I’ve been working on my family history since Family Day last February. It was the perfect weekend for cross-country skiing and I couldn’t find my ski boots. So I had some time on my hands and signed up for ancestry.ca. I had been thinking about it for a long time.
My sister has done quite a bit of family research that charted back several generations to my ancestors who immigrated to Canada from Ireland, Scotland and England. We had some information about relatives who settled in Simcoe and Kent counties. I wanted to see how far back I could dig.
We knew my grandmother’s great-grandfather was Pierre Laviolette, a French-Canadian militiaman who fought in the War of 1812. On his side of the family, I found the holy grail. I am related to Madonna, Celine Dion, and Camilla, the Duchess of Cornwall. We are all descended from the same 17th-century French carpenter, according to French-Canadian historical records.
Zacharie Cloutier and his wife came from northern France and settled in Beauport near Quebec City in 1634. Today there are about 11,000 other people related to Zacharie and me.
In my search, I came across some fascinating relatives. One was an interpreter for the British in the Georgian Bay area, another was a gold prospector in Alaska, another was a sports reporter for The New York Times. There are a few family mysteries as well. I have enough fodder for a couple of novels.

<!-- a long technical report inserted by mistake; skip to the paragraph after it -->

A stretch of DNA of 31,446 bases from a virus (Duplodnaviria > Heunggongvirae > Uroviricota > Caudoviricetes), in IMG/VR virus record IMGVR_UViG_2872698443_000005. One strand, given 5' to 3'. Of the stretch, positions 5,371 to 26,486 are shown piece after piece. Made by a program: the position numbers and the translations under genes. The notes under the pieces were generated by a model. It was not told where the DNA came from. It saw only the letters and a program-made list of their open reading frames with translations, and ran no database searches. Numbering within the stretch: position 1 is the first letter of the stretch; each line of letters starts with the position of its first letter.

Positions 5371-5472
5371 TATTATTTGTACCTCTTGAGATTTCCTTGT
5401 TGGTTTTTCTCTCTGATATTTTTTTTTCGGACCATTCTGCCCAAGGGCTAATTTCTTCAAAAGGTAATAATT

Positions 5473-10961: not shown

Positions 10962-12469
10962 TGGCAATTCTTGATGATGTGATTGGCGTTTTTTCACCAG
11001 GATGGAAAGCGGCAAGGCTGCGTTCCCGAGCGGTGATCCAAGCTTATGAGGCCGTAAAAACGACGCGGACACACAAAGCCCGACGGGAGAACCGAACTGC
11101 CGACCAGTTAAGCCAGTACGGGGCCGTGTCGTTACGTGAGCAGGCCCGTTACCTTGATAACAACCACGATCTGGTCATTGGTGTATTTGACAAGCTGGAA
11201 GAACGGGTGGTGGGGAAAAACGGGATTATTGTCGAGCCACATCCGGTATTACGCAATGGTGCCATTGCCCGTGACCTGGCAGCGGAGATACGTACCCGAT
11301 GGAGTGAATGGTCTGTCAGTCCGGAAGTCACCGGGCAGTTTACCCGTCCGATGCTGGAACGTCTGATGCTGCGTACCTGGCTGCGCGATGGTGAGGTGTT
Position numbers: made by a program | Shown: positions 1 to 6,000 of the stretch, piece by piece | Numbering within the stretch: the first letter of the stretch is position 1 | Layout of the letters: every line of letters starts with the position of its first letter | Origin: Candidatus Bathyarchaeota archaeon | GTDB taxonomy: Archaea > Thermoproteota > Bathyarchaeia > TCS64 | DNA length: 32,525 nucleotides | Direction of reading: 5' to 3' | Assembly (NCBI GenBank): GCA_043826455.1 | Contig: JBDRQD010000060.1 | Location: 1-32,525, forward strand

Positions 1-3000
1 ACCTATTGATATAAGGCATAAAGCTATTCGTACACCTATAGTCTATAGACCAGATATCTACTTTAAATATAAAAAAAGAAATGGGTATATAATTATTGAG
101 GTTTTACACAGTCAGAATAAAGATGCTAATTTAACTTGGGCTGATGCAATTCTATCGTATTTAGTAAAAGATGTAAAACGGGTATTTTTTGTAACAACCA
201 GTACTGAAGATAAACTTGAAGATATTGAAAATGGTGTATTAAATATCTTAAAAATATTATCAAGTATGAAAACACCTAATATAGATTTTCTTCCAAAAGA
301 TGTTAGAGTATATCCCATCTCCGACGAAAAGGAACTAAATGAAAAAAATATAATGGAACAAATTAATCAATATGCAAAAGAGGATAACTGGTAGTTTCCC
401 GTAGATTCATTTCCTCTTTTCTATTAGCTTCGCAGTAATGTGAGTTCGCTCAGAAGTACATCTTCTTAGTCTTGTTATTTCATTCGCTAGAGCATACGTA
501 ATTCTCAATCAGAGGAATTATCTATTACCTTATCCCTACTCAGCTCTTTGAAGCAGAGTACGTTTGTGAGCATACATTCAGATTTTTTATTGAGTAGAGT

I regret, as most older people do, that I did not ask my grandparents more about their childhoods and their grandparents and their cousins. I wasn’t a very curious teenager but I have lots of questions now.
When I was teaching memoir classes I urged students to write down their stories even if no one in their family seemed interested. Someday, someone will find their stories of great interest.
As for Madonna, Celine and Camilla, I don’t expect a family reunion any time soon.
People who are interested in family history might join the Sudbury District Branch – Ontario Genealogical Society. It meets the third Monday of the month at the Parkside Centre on Durham St. at 7 pm. Warning: Genealogy is addictive.